The act states that &uot;an agency director who violates this section shall be guilty of a Class C misdemeanor,&uot; which carries a maximum three-month jail sentence and a $500 fine.

There is no punishment, however, for the legislator who attempts to secretly move the funds to his &uot;pet project.&uot;

Rep. Ward believes this banning of pass-through appropriations will go far to eliminating a long-time problem in state government.

&uot;We’re all allotted a certain amount of discretionary money for our districts,&uot; he said. &uot;The problem comes when some legislators try to hide funds.

&uot;This will prevent them from doing it. From now on, it must be a line-item expense.&uot;

Ward said the measure will probably not completely stop the problem.

&uot;But I would say it will stop at least 80 percent of it,&uot; he said.

The bill also requires each state agency director approached by a legislator who is attempting to move funds in this manner make a report to the governor.

Controlling health insurance costs

Currently, state employees and teachers are charged little or nothing for their health insurance.

The State Employees Insurance Plan provides insurance for employees at no cost while charging for dependent coverage.

The Public Education Employees Health Insurance Plan for teachers is a similar plan requiring an employee contribution of $2 per month.

The rising costs of health insurance have caused legislators to include a revamping of the system in Gov. Riley’s tax and accountability package.

The bill addressing these changes was sponsored by Shelby County Reps. Ward and Mary Sue McClurkin.

&uot;In 1992, the state was paying roughly $200 million for health insurance for employees. Today, the state pays $700 million,&uot; Ward said.

&uot;As the population gets older, the costs rise, and health insurance is going through the roof anyway. We have to find some way to pay for it.&uot;

Ward said the state’s finance director Drayton Nabors’ solution was to bring the employee contribution to the costs of health insurance to the southeastern average during the next five years.

States considered when determining the southeastern average include Alabama, Florida, Georgia, Kentucky, Louisiana, Mississippi, North Carolina, South Carolina, Tennessee, Texas, Virginia and West Virginia.

The bill establishes six classes of employees or retirees: active employee; active employee with dependent; non-Medicare retiree; non-Medicare retiree with dependent; Medicare retiree; Medicare retiree with dependent.

Based on the southeastern average, the bill targets a contribution percentage to be reached by the six classes.

Active employees will go from paying 0 percent to 12.5 percent; active employees with dependents will go from paying 29.6 percent to 26 percent; non-Medicare retirees will pay 30 percent instead of 32.9 percent; and non-Medicare retirees will pay 32 percent instead of 38.8 percent.

Medicare retirees will pay 20 percent instead of the current 0 percent; and Medicare retirees with dependents will pay 20 percent instead of the current 23.2 percent.

&uot;This is a gradual change,&uot; Ward said, &uot;And the only time anything will happen is when the employees are given a payraise.&uot;

For example, if the legislature grants a 3 percent cost of living increase to active and retired employees during one year, health insurance contributions will increase 3 percent that year.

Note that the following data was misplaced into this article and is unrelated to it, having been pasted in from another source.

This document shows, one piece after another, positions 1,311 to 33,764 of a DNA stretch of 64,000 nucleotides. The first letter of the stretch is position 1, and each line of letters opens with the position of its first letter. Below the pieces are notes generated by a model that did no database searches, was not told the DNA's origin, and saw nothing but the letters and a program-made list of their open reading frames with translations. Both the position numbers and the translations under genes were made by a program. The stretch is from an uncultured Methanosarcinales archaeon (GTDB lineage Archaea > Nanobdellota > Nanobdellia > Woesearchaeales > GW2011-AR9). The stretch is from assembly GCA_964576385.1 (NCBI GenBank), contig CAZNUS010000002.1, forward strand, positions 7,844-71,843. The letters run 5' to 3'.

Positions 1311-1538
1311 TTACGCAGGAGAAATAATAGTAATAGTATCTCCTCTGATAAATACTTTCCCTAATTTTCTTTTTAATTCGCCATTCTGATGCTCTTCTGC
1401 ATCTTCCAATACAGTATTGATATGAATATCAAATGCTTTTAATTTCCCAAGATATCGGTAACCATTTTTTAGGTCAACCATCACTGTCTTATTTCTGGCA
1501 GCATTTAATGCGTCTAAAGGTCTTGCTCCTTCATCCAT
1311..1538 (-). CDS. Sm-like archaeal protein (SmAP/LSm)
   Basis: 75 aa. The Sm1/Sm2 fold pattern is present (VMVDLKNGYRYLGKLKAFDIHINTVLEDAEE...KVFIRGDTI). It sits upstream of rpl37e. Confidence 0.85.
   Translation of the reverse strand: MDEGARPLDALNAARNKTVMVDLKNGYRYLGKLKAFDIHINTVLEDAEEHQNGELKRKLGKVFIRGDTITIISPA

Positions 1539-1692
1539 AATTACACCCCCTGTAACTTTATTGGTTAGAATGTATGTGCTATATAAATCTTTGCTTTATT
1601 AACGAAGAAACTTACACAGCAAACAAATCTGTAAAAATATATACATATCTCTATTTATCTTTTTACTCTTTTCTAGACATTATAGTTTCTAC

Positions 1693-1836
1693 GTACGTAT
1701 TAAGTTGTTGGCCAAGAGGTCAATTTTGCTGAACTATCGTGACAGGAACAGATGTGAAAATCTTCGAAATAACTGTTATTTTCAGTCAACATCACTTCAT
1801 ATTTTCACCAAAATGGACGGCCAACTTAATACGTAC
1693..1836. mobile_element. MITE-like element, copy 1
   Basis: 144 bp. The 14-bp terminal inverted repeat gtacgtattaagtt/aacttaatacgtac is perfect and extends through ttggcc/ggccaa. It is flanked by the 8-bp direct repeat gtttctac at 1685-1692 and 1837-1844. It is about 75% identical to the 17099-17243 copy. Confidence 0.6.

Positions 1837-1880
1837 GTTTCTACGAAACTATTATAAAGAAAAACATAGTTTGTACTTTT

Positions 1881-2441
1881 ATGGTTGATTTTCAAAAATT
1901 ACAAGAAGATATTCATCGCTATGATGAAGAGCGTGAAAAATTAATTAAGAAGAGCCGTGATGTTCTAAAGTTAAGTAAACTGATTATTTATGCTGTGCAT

Savings to the state has been estimated at $300 million to $350 million each year.

Shelby County Superintendent Evan Major said the changes will affect about 75 percent of the school system’s 3,000 employees.

Determining the savings cost to the system is difficult, he said, indicating the state will see the most savings.

Ward said the bill also offers relief for employees or retirees who are struggling fiscally.

Based on family income as a percentage of the Federal Poverty Level, health insurance recipients will be required to pay only a percentage of the planned increases.

Another portion of the health insurance bill changes the contribution of retirees with fewer than 25 years of service.

Currently, employees who work for the state or the school system who are eligible to retire after 10 years with full retirement benefits.

One such teacher in the Shelby County system worked for many years as an engineer. A decision to go back to college for a master’s degree made this teacher eligible to impart actual working wisdom to his students.

The plan for this older teacher was to work for as long as he chose, then to retire with full benefits.

However, passage of Gov. Riley’s package will make the plan impossible.

Those who retire after Jan. 1, 2005, with fewer than 25 years of service will be required to pay a greater portion of their health insurance costs, thus reducing their benefits.

For this teacher and others like him, this reduction of benefits may be the deciding factor for their vote on Sept. 9.

At the polls

When voters go to the polls Sept. 9, the amendment they will be faced with will read (according to the Alabama Secretary of State’s office): &uot;Proposing an amendment to the Constitution of Alabama of 1901, establishing the Alabama Excellence Initiative Fund which may be used to fund programs including, but not limited to, the furtherance of excellence in public education, college scholarships, healthcare benefits for senior citizens and job training programs to attract new high-paying jobs and otherwise provide for distributing state tax revenues; to adjust income and property taxes; to establish the General Fund Rainy Day Account; to provide for the replenishment of the General Fund Rainy Day Account and the Education Trust Fund Rainy Day Account.&uot;

‘Yes’ will mean a voter chooses to accept the reforms put forth by the governor; a ‘no’ vote will mean a voter chooses not to accept the reforms.

Next week’s installment of this series will deal with the actual tax changes which are associated with the plan